There was a short reprieve with no recorded murders in 2019. However, from January 2020, there have been five (5) persons shot and killed, and twenty-four (24) persons shot and injured. This includes the multiple shooting at a local bar and restaurant on the 26th October 2021. The numbers are heartbreaking.

As mentioned earlier, I will speak to enforcement and our GVRT programs.

The notion that we can arrest our way out of gang violence is outdated and a misguided mindset of a by-gone era. Enforcement is the option of last resort. It’s when all else has failed and the individual is an active gang member, resolute in their antisocial behaviour and criminal activity, that the full weight of enforcement efforts should be brought to bear.

We have laws including the Criminal Code Act 1907, the Proceeds of Crime Act 1997, Firearms Act 1973 and Misuse of Drugs Act 1972 that provide for offences and penalties for the gang members’ criminal activity including increased penalties for unlawful gang activity within increased penalty zones. To be clear there is a role for enforcement. There will always be consequences for those who choose the path of antisocial and criminal behaviour.

We must have a balanced approach that doesn’t alienate, stigmatise or victimize the very communities that need our help. Enforcement and preventative/proactive measures are important and both need to work in tandem to help our youth and their families.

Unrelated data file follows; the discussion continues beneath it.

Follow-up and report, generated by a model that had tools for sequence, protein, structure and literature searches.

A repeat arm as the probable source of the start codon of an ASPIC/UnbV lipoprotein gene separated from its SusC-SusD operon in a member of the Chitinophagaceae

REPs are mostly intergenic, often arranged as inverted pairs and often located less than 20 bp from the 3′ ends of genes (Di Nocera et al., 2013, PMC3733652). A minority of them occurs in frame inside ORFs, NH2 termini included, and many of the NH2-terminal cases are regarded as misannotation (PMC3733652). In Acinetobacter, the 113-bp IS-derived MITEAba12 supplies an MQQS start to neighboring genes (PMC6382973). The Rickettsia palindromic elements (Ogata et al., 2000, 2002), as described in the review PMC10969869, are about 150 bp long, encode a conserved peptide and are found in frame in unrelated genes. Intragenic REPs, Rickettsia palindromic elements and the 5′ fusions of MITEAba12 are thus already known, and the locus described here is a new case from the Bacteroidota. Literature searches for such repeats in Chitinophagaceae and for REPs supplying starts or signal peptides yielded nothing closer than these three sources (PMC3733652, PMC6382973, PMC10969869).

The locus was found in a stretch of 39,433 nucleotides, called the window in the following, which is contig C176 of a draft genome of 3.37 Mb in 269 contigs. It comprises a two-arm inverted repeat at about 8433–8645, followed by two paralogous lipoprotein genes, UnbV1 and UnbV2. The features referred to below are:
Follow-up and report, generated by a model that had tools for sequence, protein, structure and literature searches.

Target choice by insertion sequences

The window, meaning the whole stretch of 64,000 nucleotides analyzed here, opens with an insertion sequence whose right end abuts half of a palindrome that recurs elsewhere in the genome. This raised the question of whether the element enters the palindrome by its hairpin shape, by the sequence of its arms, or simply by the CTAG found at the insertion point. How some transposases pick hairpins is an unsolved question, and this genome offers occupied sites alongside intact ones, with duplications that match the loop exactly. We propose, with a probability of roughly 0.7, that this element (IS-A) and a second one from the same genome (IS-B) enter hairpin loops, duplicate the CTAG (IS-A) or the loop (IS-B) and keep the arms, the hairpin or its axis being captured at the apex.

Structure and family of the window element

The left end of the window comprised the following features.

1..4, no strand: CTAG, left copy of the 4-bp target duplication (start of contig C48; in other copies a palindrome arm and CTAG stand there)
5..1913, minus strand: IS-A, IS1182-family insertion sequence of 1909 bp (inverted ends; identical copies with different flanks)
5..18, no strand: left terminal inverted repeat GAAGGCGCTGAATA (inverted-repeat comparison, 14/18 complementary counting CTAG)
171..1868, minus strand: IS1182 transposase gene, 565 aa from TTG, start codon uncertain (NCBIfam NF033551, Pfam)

The Bermuda Police Service is the law enforcement entity responsible for preventing and detecting crime and have adopted a robust approach to tackling gang and gun violence. As early as 2009, the BPS recognised the significant challenge of tackling Gangs/Guns and that it required high levels of community engagement, as enforcement alone could not address the systemic issues.

Since 2009, the BPS has made a number of adjustments in response to the gun and gang problem and continue to evolve with a focus on leveraging community support and technology to assist in bringing offenders to justice.

The BPS has implemented a Gang Violence Reduction Strategy with a core focus on partnership. It consists of three pillars;

  • Prevention (Education & Awareness)
  • Catch & Convict – Police focused (Targeting/Suppression)
  • Resettlement/Rehabilitation – collaboration.

The BPS continues to adapt and evolve in tackling the issues of gangs with the necessary emphasis on an evidenced-based approach to policing. This includes the use of information, intelligence and lessons learned. This has resulted in multiple arrests for murder and firearms related offences, as well as significant seizures of illegal drugs and firearms. Multiple persons have been prosecuted with over 40 men incarcerated, receiving life and/or long-term sentences for murder, attempt murder and firearms related offences.